Since the disappointment of the 2004 Olympics, when the United States men’s basketball team finished without a Gold Medal for the first time in more than 12 years, redemption has been the national squad’s theme. In Beijing, the team’s nickname was the “Redeem Team,” and bringing gold back to the USA erased the painful memories of the Argentina loss in ‘04. During the XXX Olympiad, one individual, rather than the team, seeks redemption: LeBron James.
Sure, being redeemed is not at the forefront of James’ brain as he and the rest of the squad prepare to face Spain in Sunday’s rematch of the ’08 title game. Subconsciously, though, James has to be interested in returning to his pre-The Decision status. Before trekking to Miami, James and the rest of his Cleveland teammates were the professional equivalent of a Cinderella. A term used only during March Madness (preferably by announcer Gus Johnson), a Cinderella is a team that overachieves during the NCAA tournament, toppling higher-ranked squads (or squads from BCS conferences). James was a Cavalier for eight seasons, and the team made the playoffs six of those years, knocking off ‘traditional powers’ like Detroit and Chicago. James possessed an appealing backstory and relatable goals: local kid, skipped college to play for his in-state team, remains close with his childhood friends, bringing a championship to a city without any recent sports success.
When James joined Miami to form the Big Three, the prevailing thought was not only did he turn his back on Cleveland, but also that he turned his back on the idea of upsets. The idea that tradition can be shuffled, and the downtrodden can sometimes prevail. When Miami lost in the 2011 Finals, there was a national sense of retribution: yes, we can still make fun of your ridiculous ‘Introduction’ ceremony, but we can also now mock your botched attempt to win a guaranteed championship.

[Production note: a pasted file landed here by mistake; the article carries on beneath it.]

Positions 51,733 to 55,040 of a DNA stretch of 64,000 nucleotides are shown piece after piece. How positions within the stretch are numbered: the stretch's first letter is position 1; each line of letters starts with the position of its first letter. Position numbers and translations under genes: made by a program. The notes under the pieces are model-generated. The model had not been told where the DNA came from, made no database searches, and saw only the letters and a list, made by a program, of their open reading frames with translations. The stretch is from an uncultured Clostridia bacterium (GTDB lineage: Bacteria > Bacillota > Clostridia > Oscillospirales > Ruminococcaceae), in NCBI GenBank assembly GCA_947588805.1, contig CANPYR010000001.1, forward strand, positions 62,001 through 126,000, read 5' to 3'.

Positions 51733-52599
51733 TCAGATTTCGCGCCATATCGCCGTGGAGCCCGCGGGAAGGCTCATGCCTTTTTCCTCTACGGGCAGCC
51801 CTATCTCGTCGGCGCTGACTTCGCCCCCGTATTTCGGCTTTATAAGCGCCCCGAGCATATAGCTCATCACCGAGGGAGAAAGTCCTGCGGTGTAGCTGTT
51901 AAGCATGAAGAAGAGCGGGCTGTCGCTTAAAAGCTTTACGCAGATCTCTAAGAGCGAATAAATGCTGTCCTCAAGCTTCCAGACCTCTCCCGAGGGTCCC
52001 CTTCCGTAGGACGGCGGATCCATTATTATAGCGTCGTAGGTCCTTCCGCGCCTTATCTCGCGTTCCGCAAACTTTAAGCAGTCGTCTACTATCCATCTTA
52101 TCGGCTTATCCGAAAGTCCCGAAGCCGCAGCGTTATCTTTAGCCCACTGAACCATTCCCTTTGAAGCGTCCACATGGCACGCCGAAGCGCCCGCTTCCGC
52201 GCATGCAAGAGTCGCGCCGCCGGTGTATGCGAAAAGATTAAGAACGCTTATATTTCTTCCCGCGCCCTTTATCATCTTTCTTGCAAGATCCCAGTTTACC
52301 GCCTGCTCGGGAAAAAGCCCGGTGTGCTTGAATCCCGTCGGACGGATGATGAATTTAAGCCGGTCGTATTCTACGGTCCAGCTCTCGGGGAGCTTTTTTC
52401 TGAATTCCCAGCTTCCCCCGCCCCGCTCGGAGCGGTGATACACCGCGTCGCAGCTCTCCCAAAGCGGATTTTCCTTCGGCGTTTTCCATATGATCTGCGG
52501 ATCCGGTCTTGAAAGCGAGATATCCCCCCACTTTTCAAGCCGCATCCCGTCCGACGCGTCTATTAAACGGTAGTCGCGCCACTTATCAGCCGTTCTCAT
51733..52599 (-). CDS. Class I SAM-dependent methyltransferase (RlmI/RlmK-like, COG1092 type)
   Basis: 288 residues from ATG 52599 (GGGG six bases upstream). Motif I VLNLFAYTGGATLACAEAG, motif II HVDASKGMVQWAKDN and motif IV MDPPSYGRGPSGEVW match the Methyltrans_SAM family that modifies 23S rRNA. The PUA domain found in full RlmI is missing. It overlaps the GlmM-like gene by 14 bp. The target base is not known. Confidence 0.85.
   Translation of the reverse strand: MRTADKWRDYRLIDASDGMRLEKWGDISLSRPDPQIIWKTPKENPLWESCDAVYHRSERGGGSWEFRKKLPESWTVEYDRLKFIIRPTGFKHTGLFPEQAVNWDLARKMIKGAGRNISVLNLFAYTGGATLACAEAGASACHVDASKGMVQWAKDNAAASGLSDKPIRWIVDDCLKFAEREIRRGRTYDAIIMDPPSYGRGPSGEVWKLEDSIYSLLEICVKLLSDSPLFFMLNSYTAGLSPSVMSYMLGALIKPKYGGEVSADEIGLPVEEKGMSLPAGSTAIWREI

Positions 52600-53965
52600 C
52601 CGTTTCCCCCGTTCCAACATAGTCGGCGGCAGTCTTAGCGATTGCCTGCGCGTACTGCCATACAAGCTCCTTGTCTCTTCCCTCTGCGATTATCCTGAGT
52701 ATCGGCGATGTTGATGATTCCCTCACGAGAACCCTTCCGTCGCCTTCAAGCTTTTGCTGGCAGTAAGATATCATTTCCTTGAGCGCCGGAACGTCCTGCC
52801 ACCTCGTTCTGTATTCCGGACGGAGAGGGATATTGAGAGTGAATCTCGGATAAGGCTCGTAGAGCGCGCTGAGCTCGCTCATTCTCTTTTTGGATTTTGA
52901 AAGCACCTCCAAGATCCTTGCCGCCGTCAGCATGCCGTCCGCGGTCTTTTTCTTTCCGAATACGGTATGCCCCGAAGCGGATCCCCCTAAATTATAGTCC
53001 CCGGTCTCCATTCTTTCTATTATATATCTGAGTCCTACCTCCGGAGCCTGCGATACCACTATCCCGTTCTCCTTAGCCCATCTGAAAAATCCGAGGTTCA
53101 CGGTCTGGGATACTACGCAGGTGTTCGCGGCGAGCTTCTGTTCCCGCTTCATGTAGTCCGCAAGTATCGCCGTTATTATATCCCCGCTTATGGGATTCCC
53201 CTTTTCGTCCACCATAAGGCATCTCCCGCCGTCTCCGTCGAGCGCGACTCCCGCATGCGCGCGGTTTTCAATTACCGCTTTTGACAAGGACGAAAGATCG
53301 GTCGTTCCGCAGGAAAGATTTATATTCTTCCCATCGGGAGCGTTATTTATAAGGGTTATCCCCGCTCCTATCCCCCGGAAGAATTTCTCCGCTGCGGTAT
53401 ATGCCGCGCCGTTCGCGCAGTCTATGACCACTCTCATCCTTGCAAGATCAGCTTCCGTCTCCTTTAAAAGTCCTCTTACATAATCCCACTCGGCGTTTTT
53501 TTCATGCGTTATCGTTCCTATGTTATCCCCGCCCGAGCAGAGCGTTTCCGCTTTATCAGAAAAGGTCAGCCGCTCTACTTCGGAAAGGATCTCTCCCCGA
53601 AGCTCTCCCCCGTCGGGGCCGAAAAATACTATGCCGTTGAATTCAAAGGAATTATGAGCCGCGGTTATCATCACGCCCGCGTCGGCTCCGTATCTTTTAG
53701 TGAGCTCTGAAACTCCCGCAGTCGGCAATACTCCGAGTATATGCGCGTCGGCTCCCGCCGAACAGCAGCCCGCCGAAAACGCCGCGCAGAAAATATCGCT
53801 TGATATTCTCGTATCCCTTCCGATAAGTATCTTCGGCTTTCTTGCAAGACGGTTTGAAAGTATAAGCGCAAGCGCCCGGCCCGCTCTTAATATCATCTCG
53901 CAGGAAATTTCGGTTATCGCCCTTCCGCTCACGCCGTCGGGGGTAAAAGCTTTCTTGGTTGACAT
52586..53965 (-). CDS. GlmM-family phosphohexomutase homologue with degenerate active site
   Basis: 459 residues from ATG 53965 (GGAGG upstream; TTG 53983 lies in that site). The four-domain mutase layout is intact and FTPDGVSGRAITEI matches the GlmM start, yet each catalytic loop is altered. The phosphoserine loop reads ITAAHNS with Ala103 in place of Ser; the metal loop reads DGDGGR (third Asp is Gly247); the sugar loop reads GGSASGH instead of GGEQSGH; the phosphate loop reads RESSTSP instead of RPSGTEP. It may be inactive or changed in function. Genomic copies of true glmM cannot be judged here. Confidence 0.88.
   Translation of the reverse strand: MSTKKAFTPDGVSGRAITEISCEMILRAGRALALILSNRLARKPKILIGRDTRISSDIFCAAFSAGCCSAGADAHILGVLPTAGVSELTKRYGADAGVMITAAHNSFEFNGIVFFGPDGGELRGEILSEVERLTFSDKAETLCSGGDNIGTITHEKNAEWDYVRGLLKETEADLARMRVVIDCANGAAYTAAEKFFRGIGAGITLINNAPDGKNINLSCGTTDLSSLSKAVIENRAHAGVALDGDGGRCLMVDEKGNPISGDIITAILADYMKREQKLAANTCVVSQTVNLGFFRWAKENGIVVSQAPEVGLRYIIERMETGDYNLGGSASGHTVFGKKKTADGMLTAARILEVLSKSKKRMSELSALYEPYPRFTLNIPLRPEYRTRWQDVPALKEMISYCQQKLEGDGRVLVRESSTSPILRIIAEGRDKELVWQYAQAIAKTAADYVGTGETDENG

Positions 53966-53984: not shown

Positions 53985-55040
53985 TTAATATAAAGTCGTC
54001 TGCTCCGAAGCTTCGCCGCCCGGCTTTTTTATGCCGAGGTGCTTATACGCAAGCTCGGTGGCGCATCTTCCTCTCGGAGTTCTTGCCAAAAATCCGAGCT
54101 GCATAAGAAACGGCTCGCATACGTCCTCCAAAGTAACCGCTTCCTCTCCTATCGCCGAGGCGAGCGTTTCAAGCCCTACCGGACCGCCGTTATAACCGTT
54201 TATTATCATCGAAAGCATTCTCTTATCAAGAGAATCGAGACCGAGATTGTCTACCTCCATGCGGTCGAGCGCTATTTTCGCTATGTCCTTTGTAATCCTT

However, after Miami defeated Oklahoma City a few months ago in the NBA Finals, people started to like James again. It became acceptable to root for the King. Winning the title was James’ first step towards redemption, and winning gold should complete the arc. Not that anyone’s a Cinderella here, of course.
Against Argentina, James demonstrated why he is so hard player to contain. Not only is he capable of notching a triple-double every time he steps onto the court, but he possesses the rare combination of Magic Johnson’s passing ability with Michael Jordan’s determined focus to non-stop attack the bucket. He scored 18 points during Friday’s victory, but also posted seven assists and seven rebounds.
In recent games, coach Mike Krzyzewski has decided that when the team goes to a small lineup (without either Kevin Love or Tyson Chandler on the floor), he wants James to post-up and run the offense through the block. At 6-foot-8, James has the height to see over opposing defenses, and his passing skills are so on point that teammates are in a perfect position to score upon receiving his pass. Several of Kevin Durant’s threes yesterday were assisted by James, and the U.S. has begun to overload the weak side (the side of the court James does not occupy) with 3-point marksmen, like Durant or Kobe Bryant. James is able to wait for the defense to double or can simply make a move, forcing the opponent to shift and leaving a player for a wide open three (or cut to the hoop).